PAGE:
Some economists argue that a company does enough by providing jobs to society. There is no need for it to be compassionate.
India’s Tata group of companies, however, has proven that compassion can have a very positive effect on the business environment.
Corporate responsibility at Tata, one of the largest companies in India, started long before companies in the western world. Founded by Jamsetji Tata in the 1870s, it introduced the eight-hour shift in 1912 when steel workers in England were working a 12-hour shift.
Ratan Tata, who chairs the group and is also a member of President Thabo Mbeki’s investment council, says Tata’s way of doing business has helped create industrial harmony, something the company describes as capitalistic by definition and socialist by nature.

The company provides universal health coverage, childcare and free schooling, rewards for worker loyalty and various other initiatives. The philosophy is that social responsibility is good for a company’s bottom line.

Since 1977, Tata Motors has been adopting poverty stricken villages, solving basic problems such as water scarcity and unemployment, and contributing to the upliftment of women and the provision of recreation facilities. These efforts are carried out irrespective of losses. Their blue-collar force also takes active interest and their efforts have helped develop 400 acres of barren India into plush recreational environments.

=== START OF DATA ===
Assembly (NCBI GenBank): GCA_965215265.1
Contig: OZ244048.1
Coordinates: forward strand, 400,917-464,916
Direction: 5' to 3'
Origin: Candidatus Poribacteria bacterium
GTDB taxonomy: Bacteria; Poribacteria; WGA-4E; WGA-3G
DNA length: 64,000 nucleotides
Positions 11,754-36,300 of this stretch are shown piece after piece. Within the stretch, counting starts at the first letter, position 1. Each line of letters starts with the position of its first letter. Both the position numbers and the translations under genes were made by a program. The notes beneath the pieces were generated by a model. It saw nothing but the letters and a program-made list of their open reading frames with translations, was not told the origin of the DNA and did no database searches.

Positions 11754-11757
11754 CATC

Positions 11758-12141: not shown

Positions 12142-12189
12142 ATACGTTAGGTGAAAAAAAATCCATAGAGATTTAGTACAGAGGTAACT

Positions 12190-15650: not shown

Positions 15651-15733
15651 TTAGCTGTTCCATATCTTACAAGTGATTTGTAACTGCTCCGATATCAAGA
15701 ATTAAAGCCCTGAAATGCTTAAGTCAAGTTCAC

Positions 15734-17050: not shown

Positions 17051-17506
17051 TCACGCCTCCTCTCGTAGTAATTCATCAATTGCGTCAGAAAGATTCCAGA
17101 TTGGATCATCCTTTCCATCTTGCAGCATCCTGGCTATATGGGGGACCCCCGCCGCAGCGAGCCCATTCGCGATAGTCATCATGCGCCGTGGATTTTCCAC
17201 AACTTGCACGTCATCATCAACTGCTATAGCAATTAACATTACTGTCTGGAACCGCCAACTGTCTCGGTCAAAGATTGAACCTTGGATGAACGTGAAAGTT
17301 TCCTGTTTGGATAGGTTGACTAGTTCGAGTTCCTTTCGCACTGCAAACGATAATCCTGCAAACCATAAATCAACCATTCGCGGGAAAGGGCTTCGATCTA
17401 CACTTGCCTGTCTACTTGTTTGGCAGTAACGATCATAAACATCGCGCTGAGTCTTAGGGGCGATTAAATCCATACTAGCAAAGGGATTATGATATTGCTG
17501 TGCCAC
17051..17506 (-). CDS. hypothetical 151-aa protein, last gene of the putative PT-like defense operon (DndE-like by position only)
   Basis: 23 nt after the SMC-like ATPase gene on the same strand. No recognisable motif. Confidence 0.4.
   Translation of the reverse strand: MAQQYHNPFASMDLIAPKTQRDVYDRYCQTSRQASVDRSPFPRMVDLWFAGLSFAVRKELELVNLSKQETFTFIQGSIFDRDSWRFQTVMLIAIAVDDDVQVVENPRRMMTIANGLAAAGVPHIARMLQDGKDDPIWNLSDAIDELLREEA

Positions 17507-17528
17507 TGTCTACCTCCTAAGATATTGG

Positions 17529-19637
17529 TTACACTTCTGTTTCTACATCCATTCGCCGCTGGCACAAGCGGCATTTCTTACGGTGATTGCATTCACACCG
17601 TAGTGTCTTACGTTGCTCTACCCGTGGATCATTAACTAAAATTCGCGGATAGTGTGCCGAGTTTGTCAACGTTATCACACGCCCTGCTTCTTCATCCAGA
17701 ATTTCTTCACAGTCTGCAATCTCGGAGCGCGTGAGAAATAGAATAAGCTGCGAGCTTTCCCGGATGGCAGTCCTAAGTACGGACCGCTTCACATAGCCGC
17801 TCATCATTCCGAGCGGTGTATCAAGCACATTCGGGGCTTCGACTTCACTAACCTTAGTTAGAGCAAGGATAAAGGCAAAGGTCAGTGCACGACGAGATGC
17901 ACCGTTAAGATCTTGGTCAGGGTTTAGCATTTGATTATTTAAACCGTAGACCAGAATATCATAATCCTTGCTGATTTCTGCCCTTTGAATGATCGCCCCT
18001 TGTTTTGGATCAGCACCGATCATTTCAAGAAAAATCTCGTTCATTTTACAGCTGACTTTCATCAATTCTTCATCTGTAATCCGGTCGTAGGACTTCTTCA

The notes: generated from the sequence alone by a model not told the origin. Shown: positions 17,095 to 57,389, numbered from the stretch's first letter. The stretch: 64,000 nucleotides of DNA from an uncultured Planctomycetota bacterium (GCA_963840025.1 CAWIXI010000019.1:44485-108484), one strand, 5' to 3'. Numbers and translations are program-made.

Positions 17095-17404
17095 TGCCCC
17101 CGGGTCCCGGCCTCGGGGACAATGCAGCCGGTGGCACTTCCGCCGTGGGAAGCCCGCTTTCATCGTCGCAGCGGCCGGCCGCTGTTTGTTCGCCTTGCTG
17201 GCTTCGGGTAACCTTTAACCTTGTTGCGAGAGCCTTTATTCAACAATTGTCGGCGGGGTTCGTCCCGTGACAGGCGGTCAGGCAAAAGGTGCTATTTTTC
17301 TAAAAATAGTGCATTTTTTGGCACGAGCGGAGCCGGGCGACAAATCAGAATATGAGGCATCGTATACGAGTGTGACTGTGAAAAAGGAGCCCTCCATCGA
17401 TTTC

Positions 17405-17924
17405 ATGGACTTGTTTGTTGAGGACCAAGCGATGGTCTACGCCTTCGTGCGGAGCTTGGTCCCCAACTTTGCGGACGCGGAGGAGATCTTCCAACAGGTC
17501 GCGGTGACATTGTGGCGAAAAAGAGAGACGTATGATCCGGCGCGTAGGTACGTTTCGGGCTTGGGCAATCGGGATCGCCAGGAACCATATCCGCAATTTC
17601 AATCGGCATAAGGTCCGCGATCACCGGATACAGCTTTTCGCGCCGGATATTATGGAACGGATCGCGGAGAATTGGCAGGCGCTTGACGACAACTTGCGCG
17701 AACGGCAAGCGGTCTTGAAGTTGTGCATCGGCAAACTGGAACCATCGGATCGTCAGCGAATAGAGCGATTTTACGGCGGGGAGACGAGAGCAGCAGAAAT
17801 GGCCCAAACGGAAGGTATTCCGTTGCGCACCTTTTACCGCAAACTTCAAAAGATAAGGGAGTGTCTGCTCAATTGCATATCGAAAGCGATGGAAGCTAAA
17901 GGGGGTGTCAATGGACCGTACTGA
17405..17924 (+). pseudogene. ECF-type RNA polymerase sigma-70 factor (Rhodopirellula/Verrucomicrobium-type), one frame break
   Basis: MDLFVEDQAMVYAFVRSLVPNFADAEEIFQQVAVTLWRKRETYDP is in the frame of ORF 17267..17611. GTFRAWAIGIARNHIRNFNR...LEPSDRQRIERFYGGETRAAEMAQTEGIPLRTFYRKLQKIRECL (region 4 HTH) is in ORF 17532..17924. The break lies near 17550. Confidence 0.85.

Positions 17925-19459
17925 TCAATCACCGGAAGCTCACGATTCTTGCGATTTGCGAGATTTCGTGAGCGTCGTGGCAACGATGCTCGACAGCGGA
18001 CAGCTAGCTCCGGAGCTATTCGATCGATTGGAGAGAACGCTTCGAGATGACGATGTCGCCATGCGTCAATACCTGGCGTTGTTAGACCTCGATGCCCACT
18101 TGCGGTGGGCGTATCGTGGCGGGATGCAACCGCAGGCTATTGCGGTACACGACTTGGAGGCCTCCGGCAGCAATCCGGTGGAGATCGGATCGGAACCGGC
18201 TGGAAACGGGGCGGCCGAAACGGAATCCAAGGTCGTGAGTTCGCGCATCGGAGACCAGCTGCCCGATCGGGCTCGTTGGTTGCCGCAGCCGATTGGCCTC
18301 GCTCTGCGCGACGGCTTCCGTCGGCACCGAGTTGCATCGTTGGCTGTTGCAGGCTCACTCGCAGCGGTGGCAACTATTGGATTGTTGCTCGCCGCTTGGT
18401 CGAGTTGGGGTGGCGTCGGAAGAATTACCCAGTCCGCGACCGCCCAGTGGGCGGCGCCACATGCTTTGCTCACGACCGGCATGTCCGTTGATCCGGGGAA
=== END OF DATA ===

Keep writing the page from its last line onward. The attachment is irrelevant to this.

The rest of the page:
In the past decade, however, steel prices dropped around the world and Tata has had to cut its operating costs to remain profitable. This has meant downsizing its work force and outsourcing many of its non-core services, such as electricity and water provision. Sceptics have questioned Tata’s ability to remain true to its original values.

But when Tata Steel reduced its workforce from 78,000 to 48,800 between 1992 and 2001, it was done without a strike. The company had offered each worker the equivalent of what they were earning at retrenchment until their date of retirement.

Workers remained loyal, even though they were being retrenched. This was an example of industrial harmony, Ratan Tata said.
Compassion is a value that has to be practiced by individuals, says the Nobel laureate economist Milton Friedman. Corporates are not responsible for looking after society. Individuals have that responsibility.

It is the manager who has to decide whether to let a person leave work early so that they can be with their sick child. It is a director in his personal capacity who has to decide whether to allocate money to a charity or whether to sacrifice a bonus in order to contribute towards worker retrenchment packages. Individuals, not companies, have to decide to like people. – Heartlines Features.

Written by Heartlines